The great illusion: Why democracy is in decline

The great illusion: Why democracy is in decline
UPI

A great fear in the West is the decline of liberal democracies paralleled with the rise of authoritarianism and fascism. The causes of decline are often cast as populism stirred by anti-immigrantism and fear of globalization that are stealing jobs at home in favor of jobs abroad. In fact, these are the symptoms, not causes, of this political phenomenon. History offers an insight into an earlier “great illusion.”

In 1910, author and later knighted Nobel laureate Norman Angell argued in The Great Illusion that war among industrialized states had become obsolete for two reasons. The first was that occupying or annexing territory of neighboring states made no economic sense. And second, war among industrialized states would prove so costly and destructive that it was no longer feasible.

Angell’s “great illusion” thesis was demolished in August 1914 when a handful of bullets fired in Sarajevo earlier that June murdering Austro-Hungarian Archduke Franz Ferdinand and his wife, Sophie, triggered World War I. Similarly, the flaw in the current thesis of the decline of Western liberal democracies and the rise of authoritarian powers is that it ignores the fundamental cause. Without understanding the cause, solutions for reversing this condition probably will not work.

The fundamental cause of so-called decline of democracies is failed and failing government. Whether in the United States or other states around the world, governments are not providing their public acceptable levels of governance. The United States is a case in point.

The political system of checks and balances is dependent on compromise and civility. Of course politics often swerved away from both. Yet, a righting force persisted.

Today, because America’s political parties have become captured by the more extreme elements of left and right and money plays a more influential role, governing has become focused on election and re-election in a binary choice of being “with us or against us.” The threat of losing a majority in Congress and consignment to a minority status of “wilderness” has caused dozens of Republicans this year to stand down. If the situation were reversed, Democrats would do the same.

Further, social media and cable news reinforce this polarization much as more than two centuries ago, Thomas Jefferson and Alexander Hamilton bought dueling newspapers to hammer each other. Uncontrolled debt and deficits; growing gaps between rich and others, including a shrinking middle class; and the vulgarity of politics have invoked not just skepticism about governing. Americans are cyncial and frightened about the future.

This fear, induced by the escalating cost of living for virtually everything but especially healthcare, education and retirement, has led to anger in turn leading to outrage. That outrage is manifested in the protests over guns by Parkland students and the #MeToo movement over sexual harassment. And sadly, American politics still stress the four “Gs”: guns, gays, god and gestation periods as litmus tests.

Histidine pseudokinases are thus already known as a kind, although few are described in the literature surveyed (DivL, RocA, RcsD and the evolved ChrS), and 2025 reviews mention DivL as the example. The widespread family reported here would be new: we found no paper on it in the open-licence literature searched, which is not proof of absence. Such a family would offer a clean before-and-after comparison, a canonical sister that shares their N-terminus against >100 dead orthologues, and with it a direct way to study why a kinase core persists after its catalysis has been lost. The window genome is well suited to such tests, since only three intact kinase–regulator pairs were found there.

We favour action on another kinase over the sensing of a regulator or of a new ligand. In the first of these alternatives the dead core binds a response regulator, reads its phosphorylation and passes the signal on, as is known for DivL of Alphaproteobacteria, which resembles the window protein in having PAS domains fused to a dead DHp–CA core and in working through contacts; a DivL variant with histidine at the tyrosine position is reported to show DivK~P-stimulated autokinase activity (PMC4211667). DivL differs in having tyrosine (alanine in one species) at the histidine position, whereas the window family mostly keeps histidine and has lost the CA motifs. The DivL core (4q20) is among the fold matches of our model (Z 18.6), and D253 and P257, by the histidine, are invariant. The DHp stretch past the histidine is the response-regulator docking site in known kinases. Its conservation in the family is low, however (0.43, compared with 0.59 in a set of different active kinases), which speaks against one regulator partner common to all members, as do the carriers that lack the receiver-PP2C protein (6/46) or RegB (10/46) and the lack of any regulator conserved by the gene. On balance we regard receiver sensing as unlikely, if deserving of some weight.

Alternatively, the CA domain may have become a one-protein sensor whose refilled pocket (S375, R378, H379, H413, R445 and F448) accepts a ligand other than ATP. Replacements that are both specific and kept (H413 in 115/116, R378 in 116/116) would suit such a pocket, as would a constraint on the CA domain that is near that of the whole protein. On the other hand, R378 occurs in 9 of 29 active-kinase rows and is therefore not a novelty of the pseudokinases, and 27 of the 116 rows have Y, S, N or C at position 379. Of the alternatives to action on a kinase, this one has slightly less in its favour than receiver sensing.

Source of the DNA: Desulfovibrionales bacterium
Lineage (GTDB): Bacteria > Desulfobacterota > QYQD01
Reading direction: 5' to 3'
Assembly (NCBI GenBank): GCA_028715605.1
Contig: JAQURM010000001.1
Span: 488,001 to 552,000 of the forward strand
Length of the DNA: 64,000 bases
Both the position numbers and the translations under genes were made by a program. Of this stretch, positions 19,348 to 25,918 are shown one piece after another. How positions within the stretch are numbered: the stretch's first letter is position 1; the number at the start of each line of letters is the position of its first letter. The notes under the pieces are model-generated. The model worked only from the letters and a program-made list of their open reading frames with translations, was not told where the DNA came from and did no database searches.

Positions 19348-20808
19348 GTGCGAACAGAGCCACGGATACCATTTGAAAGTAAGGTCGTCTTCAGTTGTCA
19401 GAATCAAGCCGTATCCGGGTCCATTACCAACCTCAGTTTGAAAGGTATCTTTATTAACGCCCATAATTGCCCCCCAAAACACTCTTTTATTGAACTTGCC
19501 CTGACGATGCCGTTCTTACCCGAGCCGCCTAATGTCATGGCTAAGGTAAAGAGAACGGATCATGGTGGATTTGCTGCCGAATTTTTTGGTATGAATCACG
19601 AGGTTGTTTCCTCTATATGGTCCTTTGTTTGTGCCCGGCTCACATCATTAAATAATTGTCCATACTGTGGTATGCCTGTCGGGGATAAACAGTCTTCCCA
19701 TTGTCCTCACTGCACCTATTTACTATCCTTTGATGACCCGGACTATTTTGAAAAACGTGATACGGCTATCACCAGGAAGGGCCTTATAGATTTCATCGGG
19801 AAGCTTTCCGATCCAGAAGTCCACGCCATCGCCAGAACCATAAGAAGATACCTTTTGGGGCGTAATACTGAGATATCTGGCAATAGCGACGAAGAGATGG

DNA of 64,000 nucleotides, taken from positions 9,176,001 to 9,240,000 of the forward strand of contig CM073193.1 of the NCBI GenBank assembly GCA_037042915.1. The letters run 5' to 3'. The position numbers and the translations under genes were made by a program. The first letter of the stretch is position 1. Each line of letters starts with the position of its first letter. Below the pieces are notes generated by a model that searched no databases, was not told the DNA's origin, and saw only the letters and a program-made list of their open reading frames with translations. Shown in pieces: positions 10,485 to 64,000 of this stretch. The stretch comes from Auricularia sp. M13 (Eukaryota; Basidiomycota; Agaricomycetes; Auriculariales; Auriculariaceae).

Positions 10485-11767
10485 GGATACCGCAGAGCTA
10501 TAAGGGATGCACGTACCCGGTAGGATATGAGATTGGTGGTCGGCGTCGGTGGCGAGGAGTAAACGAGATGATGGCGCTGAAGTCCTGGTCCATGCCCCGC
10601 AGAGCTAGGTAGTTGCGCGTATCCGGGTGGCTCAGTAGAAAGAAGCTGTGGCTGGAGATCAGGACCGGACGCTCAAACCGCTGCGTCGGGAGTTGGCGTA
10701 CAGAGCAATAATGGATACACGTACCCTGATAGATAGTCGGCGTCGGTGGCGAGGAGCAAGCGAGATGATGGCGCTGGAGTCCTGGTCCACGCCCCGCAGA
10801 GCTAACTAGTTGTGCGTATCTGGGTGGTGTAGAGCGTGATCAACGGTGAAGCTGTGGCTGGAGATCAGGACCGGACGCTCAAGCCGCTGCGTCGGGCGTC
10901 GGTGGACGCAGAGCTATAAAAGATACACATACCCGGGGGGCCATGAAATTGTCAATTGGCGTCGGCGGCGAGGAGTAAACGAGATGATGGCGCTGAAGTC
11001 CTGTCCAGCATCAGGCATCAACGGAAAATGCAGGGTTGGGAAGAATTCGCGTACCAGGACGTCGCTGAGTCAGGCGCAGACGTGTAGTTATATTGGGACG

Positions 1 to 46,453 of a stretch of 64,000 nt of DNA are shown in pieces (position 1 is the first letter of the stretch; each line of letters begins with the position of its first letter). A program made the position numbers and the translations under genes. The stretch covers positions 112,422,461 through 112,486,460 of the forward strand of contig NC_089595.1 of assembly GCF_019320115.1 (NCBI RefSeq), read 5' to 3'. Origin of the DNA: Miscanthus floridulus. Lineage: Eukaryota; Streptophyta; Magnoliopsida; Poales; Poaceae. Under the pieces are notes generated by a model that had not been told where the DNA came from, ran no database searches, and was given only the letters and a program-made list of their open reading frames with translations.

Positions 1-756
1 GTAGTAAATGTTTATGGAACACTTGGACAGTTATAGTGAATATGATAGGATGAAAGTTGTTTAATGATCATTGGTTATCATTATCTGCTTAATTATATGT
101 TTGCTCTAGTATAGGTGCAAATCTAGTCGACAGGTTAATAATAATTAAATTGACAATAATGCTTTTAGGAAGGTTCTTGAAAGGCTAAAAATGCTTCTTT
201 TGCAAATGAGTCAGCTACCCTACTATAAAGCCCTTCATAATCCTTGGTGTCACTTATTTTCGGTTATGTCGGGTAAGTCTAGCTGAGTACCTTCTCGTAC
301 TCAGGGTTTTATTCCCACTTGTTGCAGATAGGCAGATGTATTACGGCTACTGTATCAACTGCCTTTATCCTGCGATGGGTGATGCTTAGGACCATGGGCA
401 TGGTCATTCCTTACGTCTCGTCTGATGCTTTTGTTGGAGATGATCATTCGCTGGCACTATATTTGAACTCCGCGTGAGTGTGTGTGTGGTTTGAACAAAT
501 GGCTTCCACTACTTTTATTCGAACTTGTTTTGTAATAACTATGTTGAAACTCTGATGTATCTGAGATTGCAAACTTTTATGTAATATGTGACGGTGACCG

Failure to govern has produced a broken and gridlocked government.

The same phenomena are manifested in other democracies. The U.K., France and Germany suffer from failing government. In part, authoritarian shifts in Hungary, Austria and Poland are responses to failing government. And China and Russia seem to be advancing under authoritarian rule.

The most profound question for the United States is whether a political system invented by the best minds of the 18th century can weather the storms and realities of the 21st. Given the pernicious and septic nature of American politics and the almost irreconcilable differences between both parties, the only forcing function for compromise and reconciliation could be a crisis as severe as the Great Depression or the attack on Pearl Harbor. And whether the nation could deal with such a trauma is likewise uncertain.

Since most Western democracies are parliamentary, in theory, a party with a ruling majority could govern. But many European governments have coalition or minority party rule limiting the authority of prime ministers. Hence, a real crisis over the ability of liberal democracies to govern is not an idle question.

The alternative is one-party rule. China, Russia, Vietnam, Saudi Arabia and Gulf states and Singapore are examples. Yet each has potential flaws in the ability to cope with the demands and centrifugal forces in each society.

“What is to be done?” as Lenin famously asked may be THE most challenging question facing the public as failed and failing government poses the greatest universal threat to society at large. That this question can be satisfactorily answered may be the greatest illusion of all.

Harlan Ullman is the principal author of “shock and awe” and Distinguished Senior Fellow and visiting professor at the U.S. Naval War College. His latest book is “Anatomy of Failure — Why America Loses Every War It Starts. Follow him at @harlankullman.

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